Media freedom advocacy group, Media Institute of Southern Africa (Misa Zimbabwe), in collaboration with Kwekwe-based arts group Chipo Ndechangu Arts Academy, premiered a play to call for freedom of the media recently.
The play attended by over 100 people from the high-density suburb of Mbizo is premised on the demand by people for the government to open up the airwaves, while extolling politicians particularly in the rural areas, not to stifle access to information.
Titled The One in Charge, the play opens in a rural setting where a chief, played by Emmanuel Sibanda, is telling villagers the information minister will be addressing them the following day.
Villagers express concern that they have only seen top government officials towards elections. They also argue that lack of information in their area has kept them in the dark about current affairs.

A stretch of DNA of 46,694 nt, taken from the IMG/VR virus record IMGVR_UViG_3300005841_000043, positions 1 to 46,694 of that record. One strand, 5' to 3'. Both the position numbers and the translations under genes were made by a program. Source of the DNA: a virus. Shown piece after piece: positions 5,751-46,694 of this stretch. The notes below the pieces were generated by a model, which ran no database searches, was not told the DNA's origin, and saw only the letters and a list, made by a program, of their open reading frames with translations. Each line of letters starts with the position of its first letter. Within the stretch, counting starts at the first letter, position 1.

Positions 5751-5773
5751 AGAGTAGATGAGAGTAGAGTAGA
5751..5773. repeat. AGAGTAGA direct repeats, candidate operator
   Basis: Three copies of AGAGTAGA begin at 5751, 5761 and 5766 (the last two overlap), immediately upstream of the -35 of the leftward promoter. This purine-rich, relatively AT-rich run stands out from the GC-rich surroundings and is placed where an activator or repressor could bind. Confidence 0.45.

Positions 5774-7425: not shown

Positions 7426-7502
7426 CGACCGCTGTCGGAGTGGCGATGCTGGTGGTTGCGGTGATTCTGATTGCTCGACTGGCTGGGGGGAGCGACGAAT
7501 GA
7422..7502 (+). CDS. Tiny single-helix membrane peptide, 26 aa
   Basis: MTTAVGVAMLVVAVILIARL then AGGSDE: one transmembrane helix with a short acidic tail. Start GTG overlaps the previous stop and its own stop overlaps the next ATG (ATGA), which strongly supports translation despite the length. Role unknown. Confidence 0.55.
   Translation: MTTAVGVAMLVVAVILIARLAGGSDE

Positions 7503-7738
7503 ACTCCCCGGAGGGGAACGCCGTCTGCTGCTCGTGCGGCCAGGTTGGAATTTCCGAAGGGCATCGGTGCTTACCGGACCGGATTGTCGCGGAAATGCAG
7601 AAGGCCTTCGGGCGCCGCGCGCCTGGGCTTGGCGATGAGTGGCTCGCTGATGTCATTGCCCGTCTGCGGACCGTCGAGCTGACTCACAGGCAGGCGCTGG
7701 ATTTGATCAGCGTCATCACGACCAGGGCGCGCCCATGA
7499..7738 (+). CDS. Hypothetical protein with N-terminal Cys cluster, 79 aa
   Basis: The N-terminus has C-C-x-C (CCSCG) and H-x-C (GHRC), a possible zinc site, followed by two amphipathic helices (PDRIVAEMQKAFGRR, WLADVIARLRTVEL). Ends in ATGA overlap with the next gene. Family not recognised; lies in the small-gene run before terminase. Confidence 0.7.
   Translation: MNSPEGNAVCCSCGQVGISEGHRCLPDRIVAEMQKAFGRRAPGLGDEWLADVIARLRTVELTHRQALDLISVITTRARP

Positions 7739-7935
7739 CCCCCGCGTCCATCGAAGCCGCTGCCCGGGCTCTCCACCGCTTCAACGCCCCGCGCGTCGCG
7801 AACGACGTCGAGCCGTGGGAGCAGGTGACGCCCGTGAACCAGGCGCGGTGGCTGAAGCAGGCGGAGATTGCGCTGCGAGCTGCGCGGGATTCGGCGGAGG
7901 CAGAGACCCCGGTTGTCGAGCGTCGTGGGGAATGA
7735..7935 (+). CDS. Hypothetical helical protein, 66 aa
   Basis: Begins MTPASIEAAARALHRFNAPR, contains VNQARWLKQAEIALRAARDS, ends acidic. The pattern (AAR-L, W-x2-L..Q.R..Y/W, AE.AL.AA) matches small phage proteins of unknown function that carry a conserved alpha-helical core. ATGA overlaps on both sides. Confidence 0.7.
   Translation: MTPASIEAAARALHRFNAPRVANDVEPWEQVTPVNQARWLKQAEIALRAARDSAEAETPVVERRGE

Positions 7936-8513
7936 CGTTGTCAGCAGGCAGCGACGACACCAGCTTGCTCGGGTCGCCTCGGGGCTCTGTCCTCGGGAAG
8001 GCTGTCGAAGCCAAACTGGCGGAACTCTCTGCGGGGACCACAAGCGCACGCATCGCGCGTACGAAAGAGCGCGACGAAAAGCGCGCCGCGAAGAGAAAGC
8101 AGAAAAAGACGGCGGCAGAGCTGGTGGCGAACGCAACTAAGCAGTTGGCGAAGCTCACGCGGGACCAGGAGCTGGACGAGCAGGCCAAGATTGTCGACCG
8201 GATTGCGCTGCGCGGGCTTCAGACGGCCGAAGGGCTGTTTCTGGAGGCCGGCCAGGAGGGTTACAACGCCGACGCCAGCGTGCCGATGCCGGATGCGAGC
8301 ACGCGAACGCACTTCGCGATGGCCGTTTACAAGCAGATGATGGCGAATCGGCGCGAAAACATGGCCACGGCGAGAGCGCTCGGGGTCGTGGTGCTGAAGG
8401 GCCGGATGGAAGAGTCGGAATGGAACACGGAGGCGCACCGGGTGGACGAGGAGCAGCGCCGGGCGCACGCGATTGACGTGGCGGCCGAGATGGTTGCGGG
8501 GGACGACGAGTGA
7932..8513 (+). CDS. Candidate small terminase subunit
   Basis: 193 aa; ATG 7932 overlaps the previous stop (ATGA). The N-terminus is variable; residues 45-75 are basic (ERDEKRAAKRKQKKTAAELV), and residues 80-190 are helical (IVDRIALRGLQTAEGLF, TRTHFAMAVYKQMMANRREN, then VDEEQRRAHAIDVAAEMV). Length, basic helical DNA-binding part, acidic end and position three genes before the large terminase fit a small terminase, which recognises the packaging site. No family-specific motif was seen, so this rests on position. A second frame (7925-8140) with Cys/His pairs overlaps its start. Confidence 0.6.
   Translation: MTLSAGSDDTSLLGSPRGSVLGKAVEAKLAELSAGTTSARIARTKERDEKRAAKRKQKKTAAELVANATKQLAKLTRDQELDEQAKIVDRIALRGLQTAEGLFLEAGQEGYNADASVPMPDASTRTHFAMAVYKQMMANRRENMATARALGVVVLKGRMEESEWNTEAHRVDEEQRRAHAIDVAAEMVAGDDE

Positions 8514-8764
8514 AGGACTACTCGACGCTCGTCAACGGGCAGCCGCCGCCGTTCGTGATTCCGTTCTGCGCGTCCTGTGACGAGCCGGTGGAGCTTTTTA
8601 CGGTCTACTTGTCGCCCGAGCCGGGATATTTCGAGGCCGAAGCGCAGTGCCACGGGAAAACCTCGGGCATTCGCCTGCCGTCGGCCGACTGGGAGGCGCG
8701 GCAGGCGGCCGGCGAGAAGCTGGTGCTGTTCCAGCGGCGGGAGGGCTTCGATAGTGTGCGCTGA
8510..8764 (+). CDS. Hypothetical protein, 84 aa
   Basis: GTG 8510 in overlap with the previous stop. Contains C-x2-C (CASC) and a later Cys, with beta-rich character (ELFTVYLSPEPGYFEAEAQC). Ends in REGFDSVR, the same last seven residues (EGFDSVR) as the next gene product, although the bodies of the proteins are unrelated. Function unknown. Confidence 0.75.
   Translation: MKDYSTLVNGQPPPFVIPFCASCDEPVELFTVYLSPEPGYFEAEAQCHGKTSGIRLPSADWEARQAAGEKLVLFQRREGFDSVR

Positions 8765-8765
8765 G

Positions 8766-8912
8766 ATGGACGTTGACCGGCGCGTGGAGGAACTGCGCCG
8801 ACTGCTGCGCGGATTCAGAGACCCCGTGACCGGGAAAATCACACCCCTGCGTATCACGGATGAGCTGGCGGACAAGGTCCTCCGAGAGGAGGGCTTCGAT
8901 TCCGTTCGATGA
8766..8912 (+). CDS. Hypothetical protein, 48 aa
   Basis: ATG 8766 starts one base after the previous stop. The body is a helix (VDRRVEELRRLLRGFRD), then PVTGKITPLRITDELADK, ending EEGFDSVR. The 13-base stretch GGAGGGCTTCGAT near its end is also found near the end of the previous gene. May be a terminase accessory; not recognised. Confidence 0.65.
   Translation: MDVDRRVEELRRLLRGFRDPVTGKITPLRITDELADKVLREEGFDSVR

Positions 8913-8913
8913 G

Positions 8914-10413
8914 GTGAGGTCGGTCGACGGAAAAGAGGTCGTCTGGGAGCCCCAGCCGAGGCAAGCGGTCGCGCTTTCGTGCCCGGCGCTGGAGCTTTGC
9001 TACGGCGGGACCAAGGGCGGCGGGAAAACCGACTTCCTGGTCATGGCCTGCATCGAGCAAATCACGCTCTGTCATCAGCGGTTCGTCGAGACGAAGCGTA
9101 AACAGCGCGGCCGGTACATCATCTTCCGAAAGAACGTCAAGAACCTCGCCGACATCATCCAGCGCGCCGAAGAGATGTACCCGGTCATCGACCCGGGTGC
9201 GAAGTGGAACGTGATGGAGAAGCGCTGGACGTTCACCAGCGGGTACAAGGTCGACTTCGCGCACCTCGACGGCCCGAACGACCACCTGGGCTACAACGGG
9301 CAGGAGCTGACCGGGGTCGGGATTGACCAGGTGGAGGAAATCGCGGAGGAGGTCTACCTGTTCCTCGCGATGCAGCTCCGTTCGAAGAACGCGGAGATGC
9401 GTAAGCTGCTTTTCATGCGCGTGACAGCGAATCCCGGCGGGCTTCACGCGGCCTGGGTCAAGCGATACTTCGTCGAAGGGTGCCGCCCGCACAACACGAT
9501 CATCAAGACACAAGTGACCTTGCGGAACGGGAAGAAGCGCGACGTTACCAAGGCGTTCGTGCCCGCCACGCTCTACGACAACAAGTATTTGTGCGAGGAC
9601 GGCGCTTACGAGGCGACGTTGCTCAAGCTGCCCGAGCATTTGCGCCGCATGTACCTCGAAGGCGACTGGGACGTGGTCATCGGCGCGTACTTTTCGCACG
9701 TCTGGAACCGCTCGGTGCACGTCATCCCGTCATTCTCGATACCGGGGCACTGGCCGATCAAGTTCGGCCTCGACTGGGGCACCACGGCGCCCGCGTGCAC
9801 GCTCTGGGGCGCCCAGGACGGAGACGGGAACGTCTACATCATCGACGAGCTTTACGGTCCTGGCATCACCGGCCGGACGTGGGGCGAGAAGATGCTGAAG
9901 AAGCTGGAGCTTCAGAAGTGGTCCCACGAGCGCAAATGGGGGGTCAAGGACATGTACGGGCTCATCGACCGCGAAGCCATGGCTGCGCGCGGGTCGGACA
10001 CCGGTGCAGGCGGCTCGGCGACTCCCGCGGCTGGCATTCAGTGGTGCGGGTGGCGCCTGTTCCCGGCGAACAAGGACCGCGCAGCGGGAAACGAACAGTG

When the minister comes, he basically attacks private media as regime-change instruments meant to cause disharmony in the county.
Calls on villagers are to stop listening to so-called pirate radio stations and stick to the state media.
In a rare show of defiance, villagers tell the minister they will not stop in their quest to fight for access to information and demand the government to allow for the setting up of community radio stations.
Although the chief tries to shield the minister from the unsophisticated villagers, they will have none of it in a 30-minute, fun-filled, comical play.
Media lawyer Prayers Chitsa said the media needed to continue to lobby for the recognition of media freedom as a right which is recognised in the African and United Nations charters.
He called on the Zimbabwe Media Commission to pave way to self regulation of the media while at the same time removing all restrictive legislative measures such as licensing of media houses and journalists.
A councillor, Weston Masiya, commended the play which in the next months will be taken to rural areas, saying it brought the reality faced by many Zimbabweans to the fore and afforded people an opportunity to discuss them openly.
“This is just a wonderful piece of art which allows Zimbabweans to laugh at their problems while at the same time discussing them in such an open atmosphere without any political connotations being drawn,” said Masiya.